Homosexuality in the Life and Work of Joseph Conrad
Love Between the Lines
Routledge – 2008 – 114 pages
This book analyzes the representations of homosexuality in Conrad’s fiction, beginning with Conrad’s life and letters to show that Conrad himself was, at least imaginatively, bisexual. Conrad’s recurrent bouts of neurasthenia, his difficult courtships, late marriage, and frequent expressions of misogyny can all be attributed to the fact that Conrad was emotionally, temperamentally, and, perhaps, even erotically more comfortable with men than women.
Subsequent chapters trace Conrad’s fictional representations of homosexuality. Through his analysis, Ruppel reveals that homoeroticism is endemic to the adventure genre and how Conrad’s bachelor-narrators interest in younger men is homoerotic. Conrad scholars and those interested in homosexuality and constructions of masculinity should all be interested in this work.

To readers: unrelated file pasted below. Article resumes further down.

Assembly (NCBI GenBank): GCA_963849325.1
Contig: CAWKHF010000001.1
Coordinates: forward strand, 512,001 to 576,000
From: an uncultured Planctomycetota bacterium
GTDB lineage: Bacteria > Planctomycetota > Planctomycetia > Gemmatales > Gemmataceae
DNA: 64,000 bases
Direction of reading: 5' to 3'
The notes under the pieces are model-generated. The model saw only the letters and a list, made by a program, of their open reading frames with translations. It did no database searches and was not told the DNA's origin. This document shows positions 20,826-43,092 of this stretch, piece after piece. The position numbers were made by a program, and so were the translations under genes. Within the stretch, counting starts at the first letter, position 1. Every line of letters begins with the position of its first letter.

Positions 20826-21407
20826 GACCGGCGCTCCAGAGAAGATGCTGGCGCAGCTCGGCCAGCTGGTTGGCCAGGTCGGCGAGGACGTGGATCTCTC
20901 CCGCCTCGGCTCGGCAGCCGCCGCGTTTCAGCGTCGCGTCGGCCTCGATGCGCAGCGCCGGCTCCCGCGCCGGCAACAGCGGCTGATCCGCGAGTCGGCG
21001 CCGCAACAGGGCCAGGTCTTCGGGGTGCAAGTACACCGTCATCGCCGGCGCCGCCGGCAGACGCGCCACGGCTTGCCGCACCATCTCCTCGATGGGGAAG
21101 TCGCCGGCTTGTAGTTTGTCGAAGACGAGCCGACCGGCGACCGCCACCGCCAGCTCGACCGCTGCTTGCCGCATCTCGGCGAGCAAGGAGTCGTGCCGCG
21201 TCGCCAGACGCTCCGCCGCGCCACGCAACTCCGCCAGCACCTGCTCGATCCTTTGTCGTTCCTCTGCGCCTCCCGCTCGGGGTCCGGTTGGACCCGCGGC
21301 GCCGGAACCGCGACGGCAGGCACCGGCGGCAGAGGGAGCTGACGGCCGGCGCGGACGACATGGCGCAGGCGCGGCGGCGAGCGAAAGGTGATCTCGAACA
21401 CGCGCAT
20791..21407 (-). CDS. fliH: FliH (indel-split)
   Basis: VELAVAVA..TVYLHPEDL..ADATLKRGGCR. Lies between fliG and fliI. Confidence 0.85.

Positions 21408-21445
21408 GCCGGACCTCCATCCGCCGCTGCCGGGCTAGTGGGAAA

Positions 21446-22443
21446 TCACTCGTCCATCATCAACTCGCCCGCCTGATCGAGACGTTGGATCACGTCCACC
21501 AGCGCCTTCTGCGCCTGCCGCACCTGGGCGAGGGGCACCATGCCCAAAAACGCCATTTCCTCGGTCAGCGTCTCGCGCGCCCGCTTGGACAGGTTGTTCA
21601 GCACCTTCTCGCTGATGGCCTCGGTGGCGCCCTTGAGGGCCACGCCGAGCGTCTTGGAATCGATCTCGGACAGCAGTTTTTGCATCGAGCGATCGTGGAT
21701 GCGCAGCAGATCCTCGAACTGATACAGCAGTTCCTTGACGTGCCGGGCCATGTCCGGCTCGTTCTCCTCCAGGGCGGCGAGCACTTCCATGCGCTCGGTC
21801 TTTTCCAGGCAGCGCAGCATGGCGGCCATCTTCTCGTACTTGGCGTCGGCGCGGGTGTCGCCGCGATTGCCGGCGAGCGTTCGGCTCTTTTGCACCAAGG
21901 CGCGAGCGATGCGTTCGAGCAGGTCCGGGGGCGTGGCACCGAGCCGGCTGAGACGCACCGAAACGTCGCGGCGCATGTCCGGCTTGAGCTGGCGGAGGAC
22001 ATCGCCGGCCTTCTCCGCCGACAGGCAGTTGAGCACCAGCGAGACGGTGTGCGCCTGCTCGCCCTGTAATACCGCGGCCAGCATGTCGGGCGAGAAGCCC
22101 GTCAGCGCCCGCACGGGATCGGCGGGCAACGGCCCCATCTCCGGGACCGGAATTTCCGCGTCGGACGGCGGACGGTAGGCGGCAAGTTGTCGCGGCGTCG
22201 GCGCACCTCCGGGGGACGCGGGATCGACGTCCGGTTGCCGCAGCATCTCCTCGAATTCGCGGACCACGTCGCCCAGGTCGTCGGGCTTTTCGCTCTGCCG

"Ruppel has produced some thought-provoking assertions concerning homosexuality in Conrad's works." -- Linda Dryden, English Literature in Transition
"Our time of social and political turmoil, with gay, lesbian and transgender people clamoring for rights and recognition, demands a new approach to sexual relationships, such as this slim but illuminating book has provided." -- Adam Gillon, Joseph Conrad Today
Chapter One: Playing Tricks on the Dead: Outing Joseph Conrad and the Ethics of Literary Criticism
Chapter Two: Life, Letters, and Neurasthenia
Chapter Three: Male Intimacy in Conrad’s Tales of Adventure — The Nigger of the Narcissus and Heart of Darkness
Chapter Four: Male Intimacy in Conrad’s Tales of Adventure — Romance and Victory
Chapter Five: Conrad’s Bachelor Narrators: Lord Jim, "Il Conde," and Under Western Eyes
Chapter Six: Conrad’s Bachelor Narrators: "The Secret Sharer," Chance, and The Shadow Line
Chapter Seven: Conclusion: "Amy Foster" and Imaginative Bisexuality
Richard J. Ruppel, chair of the English department at Chapman University, earned BA, Masters, and PhD degrees at Michigan, Duke, and UNC Chapel Hill. He has published essays and given a number of papers on Joseph Conrad, focusing primarily on colonialism and representations of male intimacy. He co-edited Imperial Desire: Dissident Sexualities and Colonial Literature (Minnesota Press, 2003).